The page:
Microsoft's Nadella is on a mission to make Windows matter again
The CEO of the world's largest software maker, who celebrates one year on the job today, is changing Microsoft from the inside out -- because he has to.
Nick StattFormer Staff Reporter / News
Nick Statt was a staff reporter for CNET News covering Microsoft, gaming, and technology you sometimes wear. He previously wrote for ReadWrite, was a news associate at the social-news app Flipboard, and his work has appeared in Popular Science and Newsweek. When not complaining about Bay Area bagel quality, he can be found spending a questionable amount of time contemplating his relationship with video games.
If former Microsft CEO Steve Ballmer saw Windows as a cash cow that just needed to be milked, Satya Nadella seems to view the software as a workhorse straining to pull the company out of its rut.
Nadella, who celebrates his one-year anniversary Wednesday as Microsoft's third-ever chief executive, has been working quietly and steadily to convince developers and consumers that the world's biggest software company -- and its Windows operating system for computers, tablets and smartphones -- is once again relevant.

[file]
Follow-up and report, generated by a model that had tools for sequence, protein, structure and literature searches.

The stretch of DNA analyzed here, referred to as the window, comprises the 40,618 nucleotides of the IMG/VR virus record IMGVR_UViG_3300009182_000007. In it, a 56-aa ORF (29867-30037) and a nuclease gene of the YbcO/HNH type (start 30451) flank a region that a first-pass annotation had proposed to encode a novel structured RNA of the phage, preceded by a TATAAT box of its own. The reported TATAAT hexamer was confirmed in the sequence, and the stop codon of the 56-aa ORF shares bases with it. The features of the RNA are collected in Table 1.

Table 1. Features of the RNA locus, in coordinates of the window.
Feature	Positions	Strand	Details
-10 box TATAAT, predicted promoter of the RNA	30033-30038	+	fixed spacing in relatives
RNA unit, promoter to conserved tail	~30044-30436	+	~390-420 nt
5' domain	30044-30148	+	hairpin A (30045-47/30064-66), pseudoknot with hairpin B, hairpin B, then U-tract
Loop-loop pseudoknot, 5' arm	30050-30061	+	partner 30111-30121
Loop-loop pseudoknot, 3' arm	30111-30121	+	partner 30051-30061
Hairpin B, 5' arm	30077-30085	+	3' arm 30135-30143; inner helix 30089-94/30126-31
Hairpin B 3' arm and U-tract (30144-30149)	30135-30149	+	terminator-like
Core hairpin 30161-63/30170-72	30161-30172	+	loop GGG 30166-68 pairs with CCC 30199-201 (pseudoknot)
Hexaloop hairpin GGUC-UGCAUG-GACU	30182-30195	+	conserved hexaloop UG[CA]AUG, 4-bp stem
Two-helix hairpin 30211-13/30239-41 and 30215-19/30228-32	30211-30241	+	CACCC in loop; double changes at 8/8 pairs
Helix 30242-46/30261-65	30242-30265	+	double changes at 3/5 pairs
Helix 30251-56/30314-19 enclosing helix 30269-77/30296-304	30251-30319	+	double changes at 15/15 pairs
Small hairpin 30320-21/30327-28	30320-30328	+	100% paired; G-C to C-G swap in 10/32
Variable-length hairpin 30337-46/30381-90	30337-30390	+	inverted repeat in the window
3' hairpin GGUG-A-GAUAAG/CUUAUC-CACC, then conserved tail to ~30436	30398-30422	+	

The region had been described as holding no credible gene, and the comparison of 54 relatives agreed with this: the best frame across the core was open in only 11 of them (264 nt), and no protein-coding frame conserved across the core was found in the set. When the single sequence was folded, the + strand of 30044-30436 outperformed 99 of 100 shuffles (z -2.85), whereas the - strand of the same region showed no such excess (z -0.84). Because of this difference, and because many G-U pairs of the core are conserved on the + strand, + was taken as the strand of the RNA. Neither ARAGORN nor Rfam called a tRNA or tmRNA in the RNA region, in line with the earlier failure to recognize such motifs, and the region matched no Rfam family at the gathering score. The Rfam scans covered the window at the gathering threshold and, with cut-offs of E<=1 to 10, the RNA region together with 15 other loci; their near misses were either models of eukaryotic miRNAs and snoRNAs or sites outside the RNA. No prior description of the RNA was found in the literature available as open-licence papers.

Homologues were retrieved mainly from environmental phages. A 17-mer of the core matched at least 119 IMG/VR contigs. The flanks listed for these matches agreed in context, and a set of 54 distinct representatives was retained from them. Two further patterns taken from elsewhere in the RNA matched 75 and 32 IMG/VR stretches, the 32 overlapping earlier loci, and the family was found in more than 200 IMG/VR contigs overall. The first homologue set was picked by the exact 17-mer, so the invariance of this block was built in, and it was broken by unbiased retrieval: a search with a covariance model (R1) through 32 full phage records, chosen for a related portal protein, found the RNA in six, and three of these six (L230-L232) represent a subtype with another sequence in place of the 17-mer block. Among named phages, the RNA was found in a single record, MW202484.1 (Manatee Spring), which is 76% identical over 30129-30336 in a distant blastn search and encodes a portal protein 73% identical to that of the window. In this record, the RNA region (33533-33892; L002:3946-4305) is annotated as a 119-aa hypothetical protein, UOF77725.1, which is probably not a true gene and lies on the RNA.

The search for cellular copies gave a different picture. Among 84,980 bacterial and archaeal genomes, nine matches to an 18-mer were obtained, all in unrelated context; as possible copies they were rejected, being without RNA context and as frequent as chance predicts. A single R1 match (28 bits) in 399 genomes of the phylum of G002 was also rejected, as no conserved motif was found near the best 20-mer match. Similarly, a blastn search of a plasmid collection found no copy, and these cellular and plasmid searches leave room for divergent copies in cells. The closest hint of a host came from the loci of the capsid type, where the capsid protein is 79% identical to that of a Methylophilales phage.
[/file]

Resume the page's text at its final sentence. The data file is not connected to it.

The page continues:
He's got a tough sell.
Sure, almost 90 percent of all personal computers run some version of Windows. But by 2016, over 2 billion people -- or more than a quarter of the world's population -- will have a smartphone, according to eMarketer. And where does Microsoft stand in one of the fast-growing technology arenas in the world? In the shadows, with its Windows software for mobile devices holding a paltry 2.7 percent share of the market, well behind Google's Android and Apple's iOS offerings.
Nadella, who's spent the last 23 years at Microsoft, knows that the company's days as master of the tech industry are long gone. Now he's trying to make it relevant by pushing Microsoft into the age of mobile computing. For Nadella, it's a question of "renew" or die.
"You renew yourself every day. Sometimes you're successful, sometimes you're not. But it's the average that counts," Nadella said at the LeWeb conference in Paris, one month before being named CEO. "If you deal with scale where you stop innovating, then that's death .... We've had great successes with Windows, we've had great successes with Office. But it's just a question of what we do next."
What Microsoft did next was take a page out of Apple's and Google's playbooks -- emphasizing apps, not operating systems. But while those companies focus on making it easy for users to share information across devices, Apple and Google still force app developers to write one set of code for computers and another for mobile devices.